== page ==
- Jackself by Jacob Polley
Picador, 67 pp, £9.99, November 2016, ISBN 978 1 4472 9044 5
In Roald Dahl’s ‘The Swan’, two boys hack up a bird and tie her wings to a third boy’s shoulders. Then they try to make him fly. The boy escapes up a willow tree, but one of the bullies shoots him in the leg. He staggers, he spreads his wings; later that morning, three people see a great white swan circling the village. Much of my time with Jacob Polley’s latest book of poems was spent deciding whether Jackself was a boy or a bird. In the course of a few lines in ‘Jack Snipe’, a stocky wader becomes a teenager heeling off his trainers. ‘Peewit’ frustrates your ability to say whether it’s a child or a lapwing that limps across boggy ground:
a little one
drab barely skyborne, with nothing
of the gut-unravelling acumen
of the scavenger this is Jackself
Edward Lear sketched beaky hybrids like these: think of the Old Person of Cromer, perched on one leg reading Homer. Jackself exists in a twilight zone of nonsense verse and fairy tale; to ascribe him a fixed identity would dispel his charm. In Dahl’s tale, the boy becomes a swan, which is impossible, but only literally. Children’s books disappear into other worlds all the time. Why shouldn’t Jackself do the same?
Polley’s fourth collection, which won last year’s T.S. Eliot Prize, is a story sequence of 34 poems set in the phantasmagoric Cumbrian farmland of Lamanby. Picador calls it a ‘fictionalised autobiography’ in reiver country, and it ventriloquises the Jacks of English folklore, incorporating nursery rhymes, riddles and ballads. Here is Jack Sprat subsisting on ‘strong drink and soft food’, contemplating his ‘limited Jackspan’; here is a child lunging towards the moon in the guise of Spring-Heeled Jack, the Victorian folk legend who terrorised Londoners; here is Jack Frost at 3 a.m., wearing a ‘lametta wig’ and a suit made of thousands of recycled milk bottle tops, ‘slumped on the unspun roundabout/among the gallows-poles of the moonlit playground’.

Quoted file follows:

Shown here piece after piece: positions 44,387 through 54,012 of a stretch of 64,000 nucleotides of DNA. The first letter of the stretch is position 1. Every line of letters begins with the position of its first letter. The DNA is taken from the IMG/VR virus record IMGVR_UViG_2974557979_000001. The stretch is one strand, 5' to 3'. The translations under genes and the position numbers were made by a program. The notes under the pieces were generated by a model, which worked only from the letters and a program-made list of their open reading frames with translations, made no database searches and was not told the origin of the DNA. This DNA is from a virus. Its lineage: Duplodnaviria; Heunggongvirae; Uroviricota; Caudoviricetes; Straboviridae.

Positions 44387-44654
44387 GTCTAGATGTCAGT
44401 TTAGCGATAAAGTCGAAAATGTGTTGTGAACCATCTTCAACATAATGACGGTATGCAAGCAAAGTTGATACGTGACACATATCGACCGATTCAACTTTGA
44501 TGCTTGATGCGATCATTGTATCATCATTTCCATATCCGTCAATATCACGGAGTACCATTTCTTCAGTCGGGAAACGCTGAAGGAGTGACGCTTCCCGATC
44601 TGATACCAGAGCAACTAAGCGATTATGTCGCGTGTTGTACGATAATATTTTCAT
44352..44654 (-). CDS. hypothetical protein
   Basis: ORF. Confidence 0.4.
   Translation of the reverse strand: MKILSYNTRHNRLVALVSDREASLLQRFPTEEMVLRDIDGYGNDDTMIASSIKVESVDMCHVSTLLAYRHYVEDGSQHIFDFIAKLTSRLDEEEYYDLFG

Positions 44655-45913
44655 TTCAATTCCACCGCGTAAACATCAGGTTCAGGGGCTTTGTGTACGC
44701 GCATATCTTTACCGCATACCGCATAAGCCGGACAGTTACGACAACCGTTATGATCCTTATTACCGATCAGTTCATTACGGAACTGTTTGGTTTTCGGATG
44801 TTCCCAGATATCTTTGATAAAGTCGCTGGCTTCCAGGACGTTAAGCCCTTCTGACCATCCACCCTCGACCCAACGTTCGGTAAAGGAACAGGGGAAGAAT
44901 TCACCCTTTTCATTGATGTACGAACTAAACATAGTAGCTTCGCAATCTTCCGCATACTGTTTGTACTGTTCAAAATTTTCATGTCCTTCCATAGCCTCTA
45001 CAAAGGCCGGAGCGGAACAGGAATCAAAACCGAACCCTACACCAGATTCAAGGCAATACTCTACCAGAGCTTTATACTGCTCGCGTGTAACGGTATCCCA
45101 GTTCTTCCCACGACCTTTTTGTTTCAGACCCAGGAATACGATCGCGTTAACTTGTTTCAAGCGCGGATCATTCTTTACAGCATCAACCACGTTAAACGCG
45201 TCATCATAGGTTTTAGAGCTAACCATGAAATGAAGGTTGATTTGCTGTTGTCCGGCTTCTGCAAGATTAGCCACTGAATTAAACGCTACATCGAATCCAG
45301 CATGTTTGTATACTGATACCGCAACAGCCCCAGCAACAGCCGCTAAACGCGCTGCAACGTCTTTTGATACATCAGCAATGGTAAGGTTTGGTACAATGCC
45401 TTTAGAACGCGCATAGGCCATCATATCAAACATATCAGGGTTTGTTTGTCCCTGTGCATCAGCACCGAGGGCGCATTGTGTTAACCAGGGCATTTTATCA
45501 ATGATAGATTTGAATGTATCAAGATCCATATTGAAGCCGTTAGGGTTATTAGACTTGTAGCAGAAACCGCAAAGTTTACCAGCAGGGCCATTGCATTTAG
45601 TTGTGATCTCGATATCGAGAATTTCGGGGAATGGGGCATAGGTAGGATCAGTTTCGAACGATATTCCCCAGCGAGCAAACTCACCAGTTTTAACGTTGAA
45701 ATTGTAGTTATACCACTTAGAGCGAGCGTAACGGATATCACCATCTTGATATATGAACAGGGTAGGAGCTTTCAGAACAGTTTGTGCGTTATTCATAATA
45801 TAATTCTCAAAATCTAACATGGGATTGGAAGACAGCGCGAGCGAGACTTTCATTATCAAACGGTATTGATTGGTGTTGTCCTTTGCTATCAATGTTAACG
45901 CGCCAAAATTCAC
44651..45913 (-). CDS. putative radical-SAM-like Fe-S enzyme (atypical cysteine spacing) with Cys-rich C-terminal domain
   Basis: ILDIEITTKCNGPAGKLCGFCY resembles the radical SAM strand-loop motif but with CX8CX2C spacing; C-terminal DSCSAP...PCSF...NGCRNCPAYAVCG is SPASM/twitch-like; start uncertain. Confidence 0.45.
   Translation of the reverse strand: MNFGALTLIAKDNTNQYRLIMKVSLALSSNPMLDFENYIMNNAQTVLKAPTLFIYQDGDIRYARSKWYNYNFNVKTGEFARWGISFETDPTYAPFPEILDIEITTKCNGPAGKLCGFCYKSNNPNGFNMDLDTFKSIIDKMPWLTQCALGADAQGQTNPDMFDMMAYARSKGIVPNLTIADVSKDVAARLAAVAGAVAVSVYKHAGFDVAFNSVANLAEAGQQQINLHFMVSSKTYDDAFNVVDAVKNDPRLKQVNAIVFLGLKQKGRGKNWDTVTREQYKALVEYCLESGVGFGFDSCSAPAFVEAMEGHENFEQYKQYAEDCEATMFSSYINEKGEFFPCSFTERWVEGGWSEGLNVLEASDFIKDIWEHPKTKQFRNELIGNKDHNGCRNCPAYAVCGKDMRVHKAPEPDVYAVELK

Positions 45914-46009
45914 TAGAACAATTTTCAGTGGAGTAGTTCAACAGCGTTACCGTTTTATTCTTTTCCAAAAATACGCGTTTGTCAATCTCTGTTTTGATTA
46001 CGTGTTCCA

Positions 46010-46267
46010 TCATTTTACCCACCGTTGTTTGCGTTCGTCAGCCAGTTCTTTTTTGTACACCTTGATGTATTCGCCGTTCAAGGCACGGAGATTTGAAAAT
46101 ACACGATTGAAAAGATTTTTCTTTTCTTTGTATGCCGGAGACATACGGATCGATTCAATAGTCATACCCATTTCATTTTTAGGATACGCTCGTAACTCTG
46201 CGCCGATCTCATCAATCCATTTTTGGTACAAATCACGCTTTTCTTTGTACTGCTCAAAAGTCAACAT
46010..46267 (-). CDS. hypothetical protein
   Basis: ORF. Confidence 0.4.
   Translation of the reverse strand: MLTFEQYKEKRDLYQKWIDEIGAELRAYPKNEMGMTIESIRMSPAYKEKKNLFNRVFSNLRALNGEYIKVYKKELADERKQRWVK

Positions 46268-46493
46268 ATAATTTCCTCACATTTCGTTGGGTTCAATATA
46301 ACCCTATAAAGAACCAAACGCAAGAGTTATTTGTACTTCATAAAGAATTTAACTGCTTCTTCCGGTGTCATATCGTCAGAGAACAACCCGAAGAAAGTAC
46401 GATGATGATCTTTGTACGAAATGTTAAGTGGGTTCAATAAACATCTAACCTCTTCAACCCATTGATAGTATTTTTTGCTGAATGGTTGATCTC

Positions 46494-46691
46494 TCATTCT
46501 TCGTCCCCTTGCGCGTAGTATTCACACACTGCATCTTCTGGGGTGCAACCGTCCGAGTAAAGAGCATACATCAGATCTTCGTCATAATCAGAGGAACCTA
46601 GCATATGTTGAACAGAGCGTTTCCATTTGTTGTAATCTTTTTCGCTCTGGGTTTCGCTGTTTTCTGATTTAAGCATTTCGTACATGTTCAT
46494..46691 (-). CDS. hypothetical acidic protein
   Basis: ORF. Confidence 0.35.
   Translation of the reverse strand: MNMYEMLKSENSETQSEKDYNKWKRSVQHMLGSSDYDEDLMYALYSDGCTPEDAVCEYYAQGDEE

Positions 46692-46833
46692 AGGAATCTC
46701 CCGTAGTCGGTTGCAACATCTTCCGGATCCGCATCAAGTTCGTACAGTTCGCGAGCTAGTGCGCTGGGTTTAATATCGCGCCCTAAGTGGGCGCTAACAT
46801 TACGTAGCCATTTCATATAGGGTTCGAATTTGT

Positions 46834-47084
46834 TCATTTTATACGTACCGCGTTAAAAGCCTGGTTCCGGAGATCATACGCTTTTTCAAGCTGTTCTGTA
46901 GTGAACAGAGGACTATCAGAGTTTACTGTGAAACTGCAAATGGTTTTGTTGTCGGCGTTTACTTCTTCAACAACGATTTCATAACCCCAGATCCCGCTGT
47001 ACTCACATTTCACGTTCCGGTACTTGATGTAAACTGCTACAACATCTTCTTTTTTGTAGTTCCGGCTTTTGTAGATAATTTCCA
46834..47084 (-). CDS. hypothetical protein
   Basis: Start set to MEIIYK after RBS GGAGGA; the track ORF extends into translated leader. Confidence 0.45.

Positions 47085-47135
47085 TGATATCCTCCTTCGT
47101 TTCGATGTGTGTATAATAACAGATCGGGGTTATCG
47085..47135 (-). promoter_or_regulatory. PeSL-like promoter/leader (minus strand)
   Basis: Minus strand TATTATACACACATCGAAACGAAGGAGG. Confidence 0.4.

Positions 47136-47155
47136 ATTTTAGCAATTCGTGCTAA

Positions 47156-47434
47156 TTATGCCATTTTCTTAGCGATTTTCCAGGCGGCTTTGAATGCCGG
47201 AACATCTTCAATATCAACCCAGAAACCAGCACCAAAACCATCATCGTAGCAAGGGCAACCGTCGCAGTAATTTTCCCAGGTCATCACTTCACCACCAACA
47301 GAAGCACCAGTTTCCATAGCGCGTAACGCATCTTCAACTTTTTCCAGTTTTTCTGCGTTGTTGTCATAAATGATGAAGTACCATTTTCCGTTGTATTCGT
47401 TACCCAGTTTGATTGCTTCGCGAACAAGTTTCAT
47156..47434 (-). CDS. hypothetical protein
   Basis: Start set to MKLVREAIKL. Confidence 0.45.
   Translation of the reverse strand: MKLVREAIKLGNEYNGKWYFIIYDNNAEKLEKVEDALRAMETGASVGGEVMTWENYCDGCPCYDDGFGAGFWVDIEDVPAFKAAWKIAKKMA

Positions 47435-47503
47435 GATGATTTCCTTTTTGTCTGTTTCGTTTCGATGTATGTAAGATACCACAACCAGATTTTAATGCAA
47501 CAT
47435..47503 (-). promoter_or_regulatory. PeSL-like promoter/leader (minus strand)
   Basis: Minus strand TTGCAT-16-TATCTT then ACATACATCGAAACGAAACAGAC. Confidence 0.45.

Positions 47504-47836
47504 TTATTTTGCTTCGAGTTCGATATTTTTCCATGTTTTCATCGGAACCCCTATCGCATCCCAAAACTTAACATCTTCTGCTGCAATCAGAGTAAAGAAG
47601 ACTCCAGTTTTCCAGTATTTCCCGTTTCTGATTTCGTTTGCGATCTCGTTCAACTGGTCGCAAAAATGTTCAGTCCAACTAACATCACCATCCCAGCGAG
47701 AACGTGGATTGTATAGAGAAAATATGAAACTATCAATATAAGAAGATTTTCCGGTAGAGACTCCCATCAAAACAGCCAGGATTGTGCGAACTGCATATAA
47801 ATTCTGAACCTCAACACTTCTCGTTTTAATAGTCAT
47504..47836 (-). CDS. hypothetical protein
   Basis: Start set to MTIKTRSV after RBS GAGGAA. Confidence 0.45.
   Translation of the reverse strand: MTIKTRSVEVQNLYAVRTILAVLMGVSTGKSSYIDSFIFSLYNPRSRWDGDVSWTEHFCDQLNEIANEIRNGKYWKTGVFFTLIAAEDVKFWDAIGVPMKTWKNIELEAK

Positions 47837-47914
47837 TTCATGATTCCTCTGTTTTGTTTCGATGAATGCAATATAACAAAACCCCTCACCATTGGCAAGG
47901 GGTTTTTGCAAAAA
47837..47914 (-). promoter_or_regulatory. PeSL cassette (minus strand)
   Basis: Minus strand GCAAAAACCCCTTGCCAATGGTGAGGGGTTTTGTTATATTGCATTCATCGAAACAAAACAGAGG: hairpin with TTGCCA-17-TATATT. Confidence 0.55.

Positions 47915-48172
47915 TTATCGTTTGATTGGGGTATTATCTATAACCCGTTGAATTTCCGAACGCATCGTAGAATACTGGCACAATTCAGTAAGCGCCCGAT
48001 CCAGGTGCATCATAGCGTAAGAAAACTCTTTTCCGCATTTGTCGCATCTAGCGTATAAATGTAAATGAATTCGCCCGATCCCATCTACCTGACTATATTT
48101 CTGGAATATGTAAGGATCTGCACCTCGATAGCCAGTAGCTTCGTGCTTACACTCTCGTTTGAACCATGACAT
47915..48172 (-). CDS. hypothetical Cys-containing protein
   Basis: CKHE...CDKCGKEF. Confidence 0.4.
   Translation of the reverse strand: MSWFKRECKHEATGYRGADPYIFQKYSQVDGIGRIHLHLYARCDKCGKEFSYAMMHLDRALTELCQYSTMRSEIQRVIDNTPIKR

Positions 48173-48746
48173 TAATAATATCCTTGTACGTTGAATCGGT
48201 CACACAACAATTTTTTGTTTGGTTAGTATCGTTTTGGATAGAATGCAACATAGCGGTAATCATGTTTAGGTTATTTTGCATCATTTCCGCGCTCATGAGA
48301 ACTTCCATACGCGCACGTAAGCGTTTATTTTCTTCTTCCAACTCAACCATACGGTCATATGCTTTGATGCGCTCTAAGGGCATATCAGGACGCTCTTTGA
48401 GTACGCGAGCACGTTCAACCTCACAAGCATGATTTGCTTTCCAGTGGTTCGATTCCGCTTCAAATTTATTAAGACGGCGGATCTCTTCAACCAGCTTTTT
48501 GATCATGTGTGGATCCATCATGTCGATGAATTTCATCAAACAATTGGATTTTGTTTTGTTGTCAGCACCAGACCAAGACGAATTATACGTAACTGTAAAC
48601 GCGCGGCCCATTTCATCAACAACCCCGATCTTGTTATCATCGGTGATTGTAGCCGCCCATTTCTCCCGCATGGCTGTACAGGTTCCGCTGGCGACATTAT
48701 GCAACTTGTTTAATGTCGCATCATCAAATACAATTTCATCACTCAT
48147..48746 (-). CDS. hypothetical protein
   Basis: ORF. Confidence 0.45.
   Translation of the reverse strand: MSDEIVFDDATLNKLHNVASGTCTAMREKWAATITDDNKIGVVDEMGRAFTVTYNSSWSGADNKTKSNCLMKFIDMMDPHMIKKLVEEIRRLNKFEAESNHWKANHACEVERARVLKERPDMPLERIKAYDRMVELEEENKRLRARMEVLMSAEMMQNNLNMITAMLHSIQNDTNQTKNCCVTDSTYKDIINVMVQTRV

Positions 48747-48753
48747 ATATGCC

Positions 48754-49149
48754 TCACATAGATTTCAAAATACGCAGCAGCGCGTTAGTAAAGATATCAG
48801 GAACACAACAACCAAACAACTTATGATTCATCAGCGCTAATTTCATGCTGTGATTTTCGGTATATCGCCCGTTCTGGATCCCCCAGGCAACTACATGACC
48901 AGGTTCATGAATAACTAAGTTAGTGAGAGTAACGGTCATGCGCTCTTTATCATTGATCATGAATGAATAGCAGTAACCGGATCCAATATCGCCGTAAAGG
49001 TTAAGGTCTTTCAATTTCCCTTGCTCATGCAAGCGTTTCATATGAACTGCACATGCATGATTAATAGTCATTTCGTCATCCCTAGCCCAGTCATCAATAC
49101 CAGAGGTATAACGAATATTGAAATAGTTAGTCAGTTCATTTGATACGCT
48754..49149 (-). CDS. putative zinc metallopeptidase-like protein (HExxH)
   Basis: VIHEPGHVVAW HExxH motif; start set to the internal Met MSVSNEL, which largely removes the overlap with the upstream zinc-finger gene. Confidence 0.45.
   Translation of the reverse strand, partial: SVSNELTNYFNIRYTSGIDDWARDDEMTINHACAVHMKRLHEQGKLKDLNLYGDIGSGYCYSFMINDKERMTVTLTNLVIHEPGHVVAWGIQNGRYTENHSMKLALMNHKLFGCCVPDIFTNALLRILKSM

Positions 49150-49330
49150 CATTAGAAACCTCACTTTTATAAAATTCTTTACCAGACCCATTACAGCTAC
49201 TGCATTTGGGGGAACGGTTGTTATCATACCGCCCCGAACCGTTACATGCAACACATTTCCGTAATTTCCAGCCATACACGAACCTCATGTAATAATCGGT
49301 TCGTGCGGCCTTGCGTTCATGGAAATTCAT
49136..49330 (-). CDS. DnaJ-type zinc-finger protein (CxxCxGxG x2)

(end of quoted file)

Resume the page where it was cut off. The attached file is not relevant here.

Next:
Jackself is a marionette theatre in which readers can assemble the character’s identity as Geppetto carved Pinocchio; its cover depicts a cartoon schoolboy with dismembered goofy limbs ‘inspired’ by Jockey (1988), one of a series of paper dolls designed by the German toymaker Franz-Josef Holler. The short verses supplant one another like the frames in a comic strip, and come off as nightmarish gags – at once ludicrous, kitsch and frightening – but what seems to occur in a dream sequence announces itself, on another level, as a take on what it’s like to be a person. In ‘Applejack’, which steals its title from the brandy popular in colonial America, Jackself might be having a metamorphic fit, or he might just be a teenager retching from one too many. There are ‘sloshings in him’, and then we’re shown
Jackself on all fours,
his skin skin his
talk all gone
hound’s tongue oxeyes
grain of the wind
in a buzzard’s wing
bones, empty as the sky
We try to visualise this thing – part-dog, part-plant, part-bird’s-wing – and we end up stuck. But we also understand what the lines want to say about the pleasures of losing ourselves, about the fear of your body behaving in a way you don’t quite recognise and can’t at all control.
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